Source: African Journal of International and Comparative Law
By Yonatan Tesfaye Fessha and Christophe van der Beken
African Journal of International and Comparative Law 21.1 (2013): 32–49
Not a single federal arrangement has been successful in demarcating the territorial matrix of the federation into separate ethnically defined territorial units. The decade-old federal experiment in Ethiopia is no exception to the impractical reality of creating ethnically pure sub-national units. Although the internal structure of the federation, by and large, follows an ethnic line, ethnic minorities are found in the midst of most, if not all, regionally empowered ethnic groups. This has brought to the fore issues about the majority–minority tension at the level of the sub-national units or, as they are called in Ethiopia, regions. The status and treatment of those who do not belong to the empowered regional majority has emerged as a thorny issue that has bedevilled the federal experiment.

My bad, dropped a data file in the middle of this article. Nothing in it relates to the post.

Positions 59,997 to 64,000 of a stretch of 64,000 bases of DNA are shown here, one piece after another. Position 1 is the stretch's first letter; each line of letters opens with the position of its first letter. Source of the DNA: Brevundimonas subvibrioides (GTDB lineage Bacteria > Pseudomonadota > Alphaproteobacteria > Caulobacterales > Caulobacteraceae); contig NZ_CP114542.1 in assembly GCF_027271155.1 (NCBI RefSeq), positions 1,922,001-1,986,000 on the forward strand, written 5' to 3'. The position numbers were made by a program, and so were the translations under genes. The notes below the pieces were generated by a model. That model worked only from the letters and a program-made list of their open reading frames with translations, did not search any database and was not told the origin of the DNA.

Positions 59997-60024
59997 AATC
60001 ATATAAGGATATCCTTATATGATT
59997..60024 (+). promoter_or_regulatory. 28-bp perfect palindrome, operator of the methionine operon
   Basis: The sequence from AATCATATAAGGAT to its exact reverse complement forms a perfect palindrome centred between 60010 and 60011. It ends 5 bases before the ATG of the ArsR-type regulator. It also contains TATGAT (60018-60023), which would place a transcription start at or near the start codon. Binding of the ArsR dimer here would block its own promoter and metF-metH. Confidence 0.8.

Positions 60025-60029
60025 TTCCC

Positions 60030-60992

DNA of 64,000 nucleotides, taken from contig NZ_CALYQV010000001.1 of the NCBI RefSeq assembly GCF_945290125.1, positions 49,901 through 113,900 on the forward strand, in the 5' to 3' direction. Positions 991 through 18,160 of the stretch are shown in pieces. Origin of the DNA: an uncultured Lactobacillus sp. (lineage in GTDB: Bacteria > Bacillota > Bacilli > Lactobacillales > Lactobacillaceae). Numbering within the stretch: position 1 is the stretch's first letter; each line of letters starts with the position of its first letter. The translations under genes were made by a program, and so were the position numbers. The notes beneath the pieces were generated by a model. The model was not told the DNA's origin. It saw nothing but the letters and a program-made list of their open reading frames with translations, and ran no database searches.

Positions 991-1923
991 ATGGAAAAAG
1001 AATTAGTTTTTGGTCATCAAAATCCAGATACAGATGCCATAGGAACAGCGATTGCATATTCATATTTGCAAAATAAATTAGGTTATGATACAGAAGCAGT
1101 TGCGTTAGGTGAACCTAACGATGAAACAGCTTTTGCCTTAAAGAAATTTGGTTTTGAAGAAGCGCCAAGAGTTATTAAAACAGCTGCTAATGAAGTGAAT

The aim of this contribution is to examine whether the federal system adopted in Ethiopia responds adequately to the challenges of internal minorities. It, in particular, examines whether the federal arrangement provides for appropriate institutional solutions to the tensions that exist between regionally empowered groups and their internal minorities. Before discussing the Ethiopian case, however, the article, in the following section, casts the issue in the context of multi-ethnic federations. By doing so, it seeks to show that the problem of internal minorities is not unique to the federal arrangement in Ethiopia.